Pilates gets to the core of the matter. It gives you a stronger core without the crunch! When the core is strengthened, the entire body changes; improved posture, balance, strength, and flexibility. Slouching is corrected, effects of sitting can be reversed, back pain is alleviated, and more. Pilates benefits both men and women of all ages and skill levels.

6. Rodeo cowboys do Pilates.

(Photo Credit Baker County Tourism via CC)

(Photo Credit Baker County Tourism via CC)

Pilates is all about the core and rodeo cowboys need a strong center of balance for riding bulls and bucking broncos! Because the Pilates method is renowned for its benefits in improving flexibility, strength, balance and body awareness, athletes from every sport find it the perfect foundation for their training.

7. One hour of Pilates burns calories all day long.

Pilates is all about resistance exercises. Resistance training is scientifically proven to create lean muscle and speed up metabolism to burn calories all day long. Cardio exercise is great; but as soon as you get off the stationary bike or treadmill, you stop burning calories. With Pilates, the second you finish your workout, you start burning calories.

8. Ballet Austin’s state-of-the-art Pilates Center is doubling in size.


Pilates reformers inside the newly renovated Ballet Austin Center.

Upon completion in August, Ballet Austin’s Pilates Center will be 1500 square feet, equipped with 12 Balanced Body reformers, as well as Balanced Body Chairs, Barrels and Towers to accommodate private and group appointments at all levels.

9. Ballet Austin’s Pilates Center has 8 Certified Instructors.

Under the direction of Pilates Program Director Vlada Sheber, we have 8 Certified Pilates Instructors. They are trained, caring, and passionate about their Pilates practice. And they will push you to your best.

Ballet Austin In

Ballet Austin Pilates Program Director Vlada Sheber working with a client.

10. It’s easy and affordable.

With new client packages and offers available year round it’s always a good time to try. Start with a private session or bring a friend to a group class.


Spending My Summer Vacation With Ballet Austin

By Bill Piner, Academy Director  

Ahhh… Summertime in Austin. The time when everything slows to a crawl. The sun is high in the sky and temps top 100. Everyone heads to the lake, or to cooler climes in northern states. You would think it would be nice and quiet at 501 W. 3rd St. But you’d be wrong.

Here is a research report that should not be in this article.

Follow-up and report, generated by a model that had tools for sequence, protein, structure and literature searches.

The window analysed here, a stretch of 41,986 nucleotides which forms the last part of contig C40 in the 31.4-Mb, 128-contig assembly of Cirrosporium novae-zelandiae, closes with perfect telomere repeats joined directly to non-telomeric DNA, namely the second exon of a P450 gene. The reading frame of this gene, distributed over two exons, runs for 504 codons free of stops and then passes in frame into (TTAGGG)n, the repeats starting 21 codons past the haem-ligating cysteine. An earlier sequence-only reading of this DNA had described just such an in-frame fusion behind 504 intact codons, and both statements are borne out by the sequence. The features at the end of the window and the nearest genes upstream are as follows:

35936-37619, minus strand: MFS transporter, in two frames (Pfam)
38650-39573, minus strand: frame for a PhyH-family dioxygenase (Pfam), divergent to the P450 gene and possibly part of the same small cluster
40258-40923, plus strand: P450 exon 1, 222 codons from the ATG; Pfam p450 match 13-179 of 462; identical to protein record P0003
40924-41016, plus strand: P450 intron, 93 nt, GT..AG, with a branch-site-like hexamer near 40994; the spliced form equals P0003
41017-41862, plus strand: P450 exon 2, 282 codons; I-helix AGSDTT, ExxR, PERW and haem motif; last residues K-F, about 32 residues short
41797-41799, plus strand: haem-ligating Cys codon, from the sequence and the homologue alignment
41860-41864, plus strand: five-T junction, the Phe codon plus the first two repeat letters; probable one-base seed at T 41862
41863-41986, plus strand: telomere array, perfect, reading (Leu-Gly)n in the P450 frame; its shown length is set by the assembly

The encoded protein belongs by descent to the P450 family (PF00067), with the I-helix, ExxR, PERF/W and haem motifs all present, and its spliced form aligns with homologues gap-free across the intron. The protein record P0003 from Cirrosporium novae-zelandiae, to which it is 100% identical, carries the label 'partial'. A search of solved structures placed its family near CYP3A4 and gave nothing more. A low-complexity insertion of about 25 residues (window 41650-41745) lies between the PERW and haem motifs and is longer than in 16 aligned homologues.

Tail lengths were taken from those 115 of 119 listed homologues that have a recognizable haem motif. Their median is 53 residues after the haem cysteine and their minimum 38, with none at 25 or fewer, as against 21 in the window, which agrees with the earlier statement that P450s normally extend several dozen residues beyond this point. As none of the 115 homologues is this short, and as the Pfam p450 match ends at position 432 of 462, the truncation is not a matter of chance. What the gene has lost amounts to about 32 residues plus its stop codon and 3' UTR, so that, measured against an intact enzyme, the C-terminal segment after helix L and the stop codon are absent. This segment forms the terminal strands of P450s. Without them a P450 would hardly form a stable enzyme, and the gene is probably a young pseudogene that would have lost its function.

Summertime is actually one of the busiest seasons at Ballet Austin. Classes at the Butler Center for Dance & Fitness are packed 7 days a week for the entire summer and the Academy’s Senior Summer Intensive Program brings students from as far away as Japan and Panama to Austin for six weeks of intensive study and potential job opportunities.

Ballet Austin Summer Intensive Level 8 (Photo Credit Anne Marie Bloodgood)

Ballet Austin Summer Intensive Level 8 (Photo Credit Anne Marie Bloodgood)

Each summer, after a 27 city audition tour, over 250 students descend on Austin.
They come here to take part in a program that is designed to improve their individual dance skills. For the post-high school crowd, they audition for a coveted position in Ballet Austin II, Ballet Austin’s paid apprentice company, or the Butler Fellowship Program, a nine-month, intensive training program that provides 15 talented students the opportunity to train at Ballet Austin tuition-free.

A Day In The Life

This is a very concentrated and intensive time for the Academy. From 8:45am to 6:15pm the studios are filled to capacity with some of the most focused young adults you will find. From my office I can look into the Armstrong/Connelly Studio. Right now the Level 6 dancers are learning a piece of original choreography from Company Dancer and Academy faculty member, Christopher Swaim, which they will perform at a small performance at the end of the session. Chris’ choreography pushes these young dancers to new limits and challenges them to take risks and find new strengths.